For these four reasons we are absolutely sure James 5: 14 and 15 is God’s command to His physically sick saints, a command, however, which comparatively few obey.
But what is here meant by “the prayer of faith shall save the sick (Jas. 5: 15)”? Many say it refers only to the faith of the elders who offer the prayer, and not to the faith of the sick persons. This is not correct for Mark 9: 17-27 tells us of a
poor father, who brought his demon-possessed son to the Lord, and said, “If Thou canst do anything have compassion on us and help us.” Jesus replied, “If thou canst believe, all things are possible to him that believeth (to him believing).” Christ says in effect to this father, Man, the “if” does not lie with me at all; of course I can heal your son, but you must exercise an expectant faith.
In Matthew 13: 58 we read, “And He (Christ) did not many mighty works there because of their unbelief.” Unbelief then, either of the elder or of the sick person, will make it impossible for God to answer prayer. When unbelief kept Christ from healing the sick on earth, it will surely do so today.
In Mark 2:1-5 we have the story of the palsied man who was brought to Christ by four friends, and let down before Him through the roof. In Mark 2: 5 we read, “When Jesus saw their faith. He said unto the sick of the palsy. Son, thy sins be forgiven thee.” This reads literally, “Jesus, seeing the faith of them” (autön), meaning the faith of the sick man as well as the other four. But, you ask. How can we be sure that this pronoun “autön” (of them or their) includes the sick man as well as the four who carried him? Because of the pronoun “autön,” the genitive plural of “autos”—he or himself. If Christ had been here speaking of the faith of these four men only, and not of the sick man. He would have used the demonstrative pronoun “toutön,” the genitive plural of “houtos,” which would have told us that Christ was referring to the faith “of the persons” nearest to the sick man (the four), but not to the sick man himself.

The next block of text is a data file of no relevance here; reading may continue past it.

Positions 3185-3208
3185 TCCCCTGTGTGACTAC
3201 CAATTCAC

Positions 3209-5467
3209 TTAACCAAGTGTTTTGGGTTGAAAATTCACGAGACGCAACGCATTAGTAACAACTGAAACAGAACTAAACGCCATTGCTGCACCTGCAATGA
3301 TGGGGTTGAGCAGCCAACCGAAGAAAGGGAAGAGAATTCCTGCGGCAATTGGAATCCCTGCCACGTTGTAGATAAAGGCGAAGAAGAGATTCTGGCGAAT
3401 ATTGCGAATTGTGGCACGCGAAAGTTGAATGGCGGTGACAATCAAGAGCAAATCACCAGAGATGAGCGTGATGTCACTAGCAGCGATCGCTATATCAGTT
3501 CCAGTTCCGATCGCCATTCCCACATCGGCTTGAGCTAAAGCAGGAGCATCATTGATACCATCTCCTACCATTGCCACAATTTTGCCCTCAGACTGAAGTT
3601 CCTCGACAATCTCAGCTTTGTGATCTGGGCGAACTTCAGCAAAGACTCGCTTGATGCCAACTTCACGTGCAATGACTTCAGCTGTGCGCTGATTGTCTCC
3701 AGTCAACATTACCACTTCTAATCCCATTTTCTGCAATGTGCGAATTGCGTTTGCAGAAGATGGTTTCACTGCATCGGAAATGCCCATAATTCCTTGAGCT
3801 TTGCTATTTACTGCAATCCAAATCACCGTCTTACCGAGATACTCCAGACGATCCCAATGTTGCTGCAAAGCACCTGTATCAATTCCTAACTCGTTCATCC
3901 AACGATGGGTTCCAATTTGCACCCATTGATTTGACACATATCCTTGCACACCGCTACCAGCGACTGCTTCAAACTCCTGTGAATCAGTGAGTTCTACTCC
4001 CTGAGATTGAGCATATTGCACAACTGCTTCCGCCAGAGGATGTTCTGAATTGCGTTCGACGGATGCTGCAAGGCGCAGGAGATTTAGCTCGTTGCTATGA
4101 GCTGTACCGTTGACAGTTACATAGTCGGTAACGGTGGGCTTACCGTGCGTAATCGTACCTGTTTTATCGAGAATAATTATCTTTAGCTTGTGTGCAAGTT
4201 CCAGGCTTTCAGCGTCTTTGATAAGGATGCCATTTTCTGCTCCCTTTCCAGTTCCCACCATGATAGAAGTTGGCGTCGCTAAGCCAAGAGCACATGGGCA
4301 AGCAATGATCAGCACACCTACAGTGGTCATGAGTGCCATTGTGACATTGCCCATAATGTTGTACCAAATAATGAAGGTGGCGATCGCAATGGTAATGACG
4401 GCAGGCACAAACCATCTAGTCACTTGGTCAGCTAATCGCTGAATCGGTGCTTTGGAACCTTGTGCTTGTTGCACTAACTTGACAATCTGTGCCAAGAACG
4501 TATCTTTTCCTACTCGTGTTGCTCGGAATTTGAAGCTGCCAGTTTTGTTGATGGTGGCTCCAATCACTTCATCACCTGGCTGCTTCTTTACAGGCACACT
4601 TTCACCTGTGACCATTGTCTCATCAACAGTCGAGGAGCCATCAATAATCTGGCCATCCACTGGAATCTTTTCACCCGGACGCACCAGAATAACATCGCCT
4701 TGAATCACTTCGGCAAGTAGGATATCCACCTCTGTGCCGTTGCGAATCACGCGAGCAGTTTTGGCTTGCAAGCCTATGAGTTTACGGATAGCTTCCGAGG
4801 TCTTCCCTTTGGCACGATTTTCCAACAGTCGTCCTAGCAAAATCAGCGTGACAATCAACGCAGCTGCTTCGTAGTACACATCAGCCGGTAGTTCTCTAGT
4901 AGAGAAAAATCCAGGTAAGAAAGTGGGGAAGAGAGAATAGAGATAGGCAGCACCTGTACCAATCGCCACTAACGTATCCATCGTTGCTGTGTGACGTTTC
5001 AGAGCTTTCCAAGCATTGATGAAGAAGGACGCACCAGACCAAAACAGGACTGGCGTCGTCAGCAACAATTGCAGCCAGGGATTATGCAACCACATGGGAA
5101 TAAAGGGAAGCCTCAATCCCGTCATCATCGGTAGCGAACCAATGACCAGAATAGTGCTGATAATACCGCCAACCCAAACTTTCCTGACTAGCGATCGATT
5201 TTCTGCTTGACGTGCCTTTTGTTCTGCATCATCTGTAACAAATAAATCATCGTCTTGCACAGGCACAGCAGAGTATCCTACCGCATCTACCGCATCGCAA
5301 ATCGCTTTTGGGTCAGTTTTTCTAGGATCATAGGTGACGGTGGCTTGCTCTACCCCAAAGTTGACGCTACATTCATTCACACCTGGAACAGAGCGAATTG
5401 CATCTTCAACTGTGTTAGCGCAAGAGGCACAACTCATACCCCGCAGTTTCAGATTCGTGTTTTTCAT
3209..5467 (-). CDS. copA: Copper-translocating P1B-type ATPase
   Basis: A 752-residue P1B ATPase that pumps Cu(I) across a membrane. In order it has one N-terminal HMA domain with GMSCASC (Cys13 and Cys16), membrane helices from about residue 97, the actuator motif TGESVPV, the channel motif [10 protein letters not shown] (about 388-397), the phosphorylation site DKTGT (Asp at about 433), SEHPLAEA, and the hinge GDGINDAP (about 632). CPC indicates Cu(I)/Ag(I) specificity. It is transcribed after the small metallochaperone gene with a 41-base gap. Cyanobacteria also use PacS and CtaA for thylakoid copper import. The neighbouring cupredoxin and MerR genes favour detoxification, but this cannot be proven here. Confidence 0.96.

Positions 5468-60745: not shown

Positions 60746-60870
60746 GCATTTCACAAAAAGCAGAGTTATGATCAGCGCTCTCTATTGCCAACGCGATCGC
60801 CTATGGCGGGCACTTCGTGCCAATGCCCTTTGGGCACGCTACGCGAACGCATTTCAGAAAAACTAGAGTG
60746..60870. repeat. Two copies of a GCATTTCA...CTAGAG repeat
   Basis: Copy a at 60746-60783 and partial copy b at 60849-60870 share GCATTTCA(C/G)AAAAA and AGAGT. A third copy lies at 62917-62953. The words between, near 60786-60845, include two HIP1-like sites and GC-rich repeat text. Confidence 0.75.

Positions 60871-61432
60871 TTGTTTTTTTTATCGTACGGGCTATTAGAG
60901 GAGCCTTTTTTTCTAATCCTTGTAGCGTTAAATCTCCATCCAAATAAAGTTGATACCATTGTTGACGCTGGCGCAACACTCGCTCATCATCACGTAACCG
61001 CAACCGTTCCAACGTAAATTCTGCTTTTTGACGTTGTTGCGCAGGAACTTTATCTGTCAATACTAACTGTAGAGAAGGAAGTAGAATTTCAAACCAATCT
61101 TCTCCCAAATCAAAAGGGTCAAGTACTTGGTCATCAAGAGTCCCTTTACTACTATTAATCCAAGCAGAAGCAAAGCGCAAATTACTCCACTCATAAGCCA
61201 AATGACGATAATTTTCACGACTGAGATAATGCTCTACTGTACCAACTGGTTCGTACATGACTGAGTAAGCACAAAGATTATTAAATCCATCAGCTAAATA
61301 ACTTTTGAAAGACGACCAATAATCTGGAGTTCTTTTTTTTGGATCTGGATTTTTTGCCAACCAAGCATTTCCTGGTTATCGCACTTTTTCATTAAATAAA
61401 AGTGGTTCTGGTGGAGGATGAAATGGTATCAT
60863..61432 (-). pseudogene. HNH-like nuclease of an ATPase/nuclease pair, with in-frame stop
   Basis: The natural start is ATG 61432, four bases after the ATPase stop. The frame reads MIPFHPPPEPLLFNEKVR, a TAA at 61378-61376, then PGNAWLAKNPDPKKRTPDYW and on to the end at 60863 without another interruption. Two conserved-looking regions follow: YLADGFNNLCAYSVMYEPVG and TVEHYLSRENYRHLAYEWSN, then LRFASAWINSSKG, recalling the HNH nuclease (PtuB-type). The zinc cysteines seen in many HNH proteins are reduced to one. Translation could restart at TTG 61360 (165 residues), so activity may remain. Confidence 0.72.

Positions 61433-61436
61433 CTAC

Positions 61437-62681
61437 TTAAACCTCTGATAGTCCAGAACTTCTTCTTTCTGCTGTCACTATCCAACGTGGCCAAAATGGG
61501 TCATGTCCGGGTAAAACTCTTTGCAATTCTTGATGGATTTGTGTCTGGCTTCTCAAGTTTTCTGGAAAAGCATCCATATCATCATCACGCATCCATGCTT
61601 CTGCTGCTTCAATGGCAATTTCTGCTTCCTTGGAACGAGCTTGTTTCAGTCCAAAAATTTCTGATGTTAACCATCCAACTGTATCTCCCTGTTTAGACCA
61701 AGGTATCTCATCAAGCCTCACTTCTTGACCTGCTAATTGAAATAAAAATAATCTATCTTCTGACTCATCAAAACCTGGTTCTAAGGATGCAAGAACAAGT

There are two demonstrative pronouns in Greek, viz. “houtos” and “ekeinos.” “Houtos” (this one or these) would designate the person or persons nearest to us, while “ekeinos” (that one or those) would designate the person or persons farther away; but neither of these pronouns would include ourselves. The use of this personal pronoun “autön,” however, includes the sick man himself and the four others.
Yes, “All things are possible to him believing” (Mk. 9; 23) ; but without faith on our part our prayers cannot be answered. Dealing with this very subject of exercising faith, when we pray, James 1: 6 says: “But let him ask in faith, nothing wavering. For he that wavereth is like a wave of the sea driven with the wind and tossed. (7) For let not that man (who lacks expectant faith) think that he shall receive anything of the Lord.” Then both the elders and the sick persons should have an expectant faith.
Because it is impossible to have faith without the know will of God, and here we are required to have expectant faith for physical healing, it is without question that it is God’s will to heal.
as adapted from the work of…. T. J. McCrossan, B.A., B.D.
“Bodily Healing and the Atonement”